Upload firmware to USB controller. Returns errors, if any.
    -v   upload to volatile memory (default if neither -nv nor -env is given)
    -nv  upload to non-volatile memory
    -e   erase / disable firmware in non-volatile memory
    -f   force upload of incompatible firmware

config <bus index> <device number> [-v] [-nv] [-e] [-f]
  Configure FPGA. Returns errors, if any.
    -v    upload to volatile memory (default if -nv is not given)
    -nv   upload to non-volatile memory
    -e    erase / disable bitstream in non-volatile memory
    -f    force upload if already configured

[<cid>:]read <bus index> <device number> <ep> [<max. bytes>]
  Read data from endpoint and returns them. If <max. bytes> if not specified
  data is read until end. If <cid> is specified errors are stored and can be
  read out using "errors <cid>" 

write <bus number> <device number> <ep>
  write data to endpoint. Returns errors, if any.

errors <cid>
  Returns errors stored under <cid>.

  Quit Device Server

Usually the response of the command consists in error or other messages, if any. If the response contains payload data (e.g. the command read) these information can be obtained using a <cid>. For example,

$ echo abc:read 1 10 2 | nc localhost 9081 > outfile
$ echo errors abc | nc localhost 9081

first reads data from endpoint 2 and writes it to outfile and then (2nd command) prints messages (if any) to stdout.

The usage of the Socket interface shall be demonstrated step by step with then ucecho example on a FPGA Board:

Step 1: Find out the device id's:

~$ echo scan | nc localhost 9081
# <busIdx>:<devNum>     <busName>       <product ID'S>  <serial number string>  <manufacturer string>   <product name>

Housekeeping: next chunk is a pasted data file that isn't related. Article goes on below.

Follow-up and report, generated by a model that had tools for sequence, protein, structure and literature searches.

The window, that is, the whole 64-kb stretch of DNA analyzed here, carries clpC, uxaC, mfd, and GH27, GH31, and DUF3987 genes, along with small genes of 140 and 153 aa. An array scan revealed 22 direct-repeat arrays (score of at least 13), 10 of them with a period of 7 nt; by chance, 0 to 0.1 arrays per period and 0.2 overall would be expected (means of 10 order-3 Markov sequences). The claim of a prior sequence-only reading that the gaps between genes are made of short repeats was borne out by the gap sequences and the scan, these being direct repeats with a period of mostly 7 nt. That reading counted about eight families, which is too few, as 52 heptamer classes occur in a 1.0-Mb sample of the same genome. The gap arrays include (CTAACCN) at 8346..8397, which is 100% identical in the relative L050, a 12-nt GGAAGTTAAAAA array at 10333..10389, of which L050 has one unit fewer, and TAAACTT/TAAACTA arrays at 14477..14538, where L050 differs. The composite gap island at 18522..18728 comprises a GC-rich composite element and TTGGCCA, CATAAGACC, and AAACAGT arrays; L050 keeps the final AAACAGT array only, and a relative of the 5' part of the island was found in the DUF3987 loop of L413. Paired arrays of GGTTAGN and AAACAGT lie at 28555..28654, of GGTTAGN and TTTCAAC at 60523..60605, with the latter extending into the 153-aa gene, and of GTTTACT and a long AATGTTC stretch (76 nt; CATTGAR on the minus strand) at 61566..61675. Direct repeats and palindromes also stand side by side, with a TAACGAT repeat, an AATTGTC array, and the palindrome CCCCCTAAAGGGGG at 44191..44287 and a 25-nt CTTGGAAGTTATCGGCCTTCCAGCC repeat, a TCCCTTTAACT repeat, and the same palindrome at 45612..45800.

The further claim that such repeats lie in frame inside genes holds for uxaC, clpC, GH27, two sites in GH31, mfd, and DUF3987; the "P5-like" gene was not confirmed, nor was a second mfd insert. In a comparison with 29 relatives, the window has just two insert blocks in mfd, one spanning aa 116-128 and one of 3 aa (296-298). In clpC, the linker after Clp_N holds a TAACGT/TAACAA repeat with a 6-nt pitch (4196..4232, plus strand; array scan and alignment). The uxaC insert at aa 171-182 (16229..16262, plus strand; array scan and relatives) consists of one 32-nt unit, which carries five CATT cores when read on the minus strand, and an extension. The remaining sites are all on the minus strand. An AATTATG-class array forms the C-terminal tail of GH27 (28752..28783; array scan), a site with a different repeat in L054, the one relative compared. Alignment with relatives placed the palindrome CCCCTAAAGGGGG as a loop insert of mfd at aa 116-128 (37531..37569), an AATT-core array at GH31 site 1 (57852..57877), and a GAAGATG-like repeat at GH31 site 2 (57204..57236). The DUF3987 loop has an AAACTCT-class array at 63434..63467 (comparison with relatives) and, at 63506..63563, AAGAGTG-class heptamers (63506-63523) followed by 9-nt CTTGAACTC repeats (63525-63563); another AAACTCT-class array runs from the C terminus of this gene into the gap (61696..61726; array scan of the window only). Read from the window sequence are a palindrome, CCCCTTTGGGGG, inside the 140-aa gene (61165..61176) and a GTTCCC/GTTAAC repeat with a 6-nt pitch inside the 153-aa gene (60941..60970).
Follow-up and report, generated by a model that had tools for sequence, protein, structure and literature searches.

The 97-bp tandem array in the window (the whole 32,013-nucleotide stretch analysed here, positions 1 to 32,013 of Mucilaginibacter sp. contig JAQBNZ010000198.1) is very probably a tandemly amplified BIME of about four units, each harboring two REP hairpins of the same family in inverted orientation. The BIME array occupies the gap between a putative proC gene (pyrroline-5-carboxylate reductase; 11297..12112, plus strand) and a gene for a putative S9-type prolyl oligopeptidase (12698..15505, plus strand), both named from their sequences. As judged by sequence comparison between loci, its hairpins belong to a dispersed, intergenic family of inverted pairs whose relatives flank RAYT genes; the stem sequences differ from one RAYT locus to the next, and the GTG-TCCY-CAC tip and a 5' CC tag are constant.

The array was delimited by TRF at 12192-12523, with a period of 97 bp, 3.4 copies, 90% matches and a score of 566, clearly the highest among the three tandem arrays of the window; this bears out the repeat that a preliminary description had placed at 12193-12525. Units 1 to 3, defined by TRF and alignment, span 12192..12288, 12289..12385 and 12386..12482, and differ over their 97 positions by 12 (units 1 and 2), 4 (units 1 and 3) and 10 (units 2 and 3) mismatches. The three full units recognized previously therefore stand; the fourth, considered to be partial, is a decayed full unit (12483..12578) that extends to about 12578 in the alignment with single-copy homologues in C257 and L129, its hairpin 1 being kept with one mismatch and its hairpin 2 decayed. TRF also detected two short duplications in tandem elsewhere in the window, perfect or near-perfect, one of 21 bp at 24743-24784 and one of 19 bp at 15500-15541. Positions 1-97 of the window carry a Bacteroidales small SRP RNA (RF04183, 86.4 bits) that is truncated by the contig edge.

7:17    001     (unconfigured)  ""      ""      ""

Step 2: Load the firmware into the RAM of the EZ-USB:

$ (echo upload 7 17 -v; cat ucecho.ihx) | nc localhost 9081
Firmware uploaded to volatile memory: 96ms
Device re-numerated: 7:17 -> 7:18

Step 3: Configure the FPGA:

$ (echo config 7 18 -v; cat fpga/ucecho.bit) | nc localhost 9081
Bitstream uploaded to volatile memory: 57ms

Step 4: Get device information (optional):

$ echo info 7 18 | nc localhost 9081
Bus name: 001
Device Number: 18
USB ID's: 221a:100
Product ID's:
Firmware version: 0
Serial Number String: 04A32DCB9A
Manufacturer String: ZTEX
Product String: ucecho example for UFM 1.15
Capability: EEPROM read/write
Capability: FPGA configuration
Capability: High speed FPGA configuration
Capability: MAC EEPROM read/write
FPGA State: FPGA configured
Endpoint: 1 read
Endpoint: 1 write
Endpoint: 2 read
Endpoint: 4 write

HTTP interface (using a web browser)

The HTTP interface is even easier to use then the socket interface. This shall be demeonstrated with the same example as above.

Note that at least some Windows versions does not know their name: the numeric address '' has to be used instead of 'locahost'.

Step 1: Point you internet browser to localhost:9080 (provided that you started the DeviceServer with the standard settings) and click on the device link:
Step 1

Step 2: Upload the firmware: Select the correct firmware, check the “Upload to volatile memory” and click the submit button.
Step 2

Step 3: Configure the FPGA: Select the Bitstream, check the “Upload to volatile memory” and click the submit button.
Step 3

en/software/deviceserver.txt · Last modified: 2017/03/22 21:12 by stefan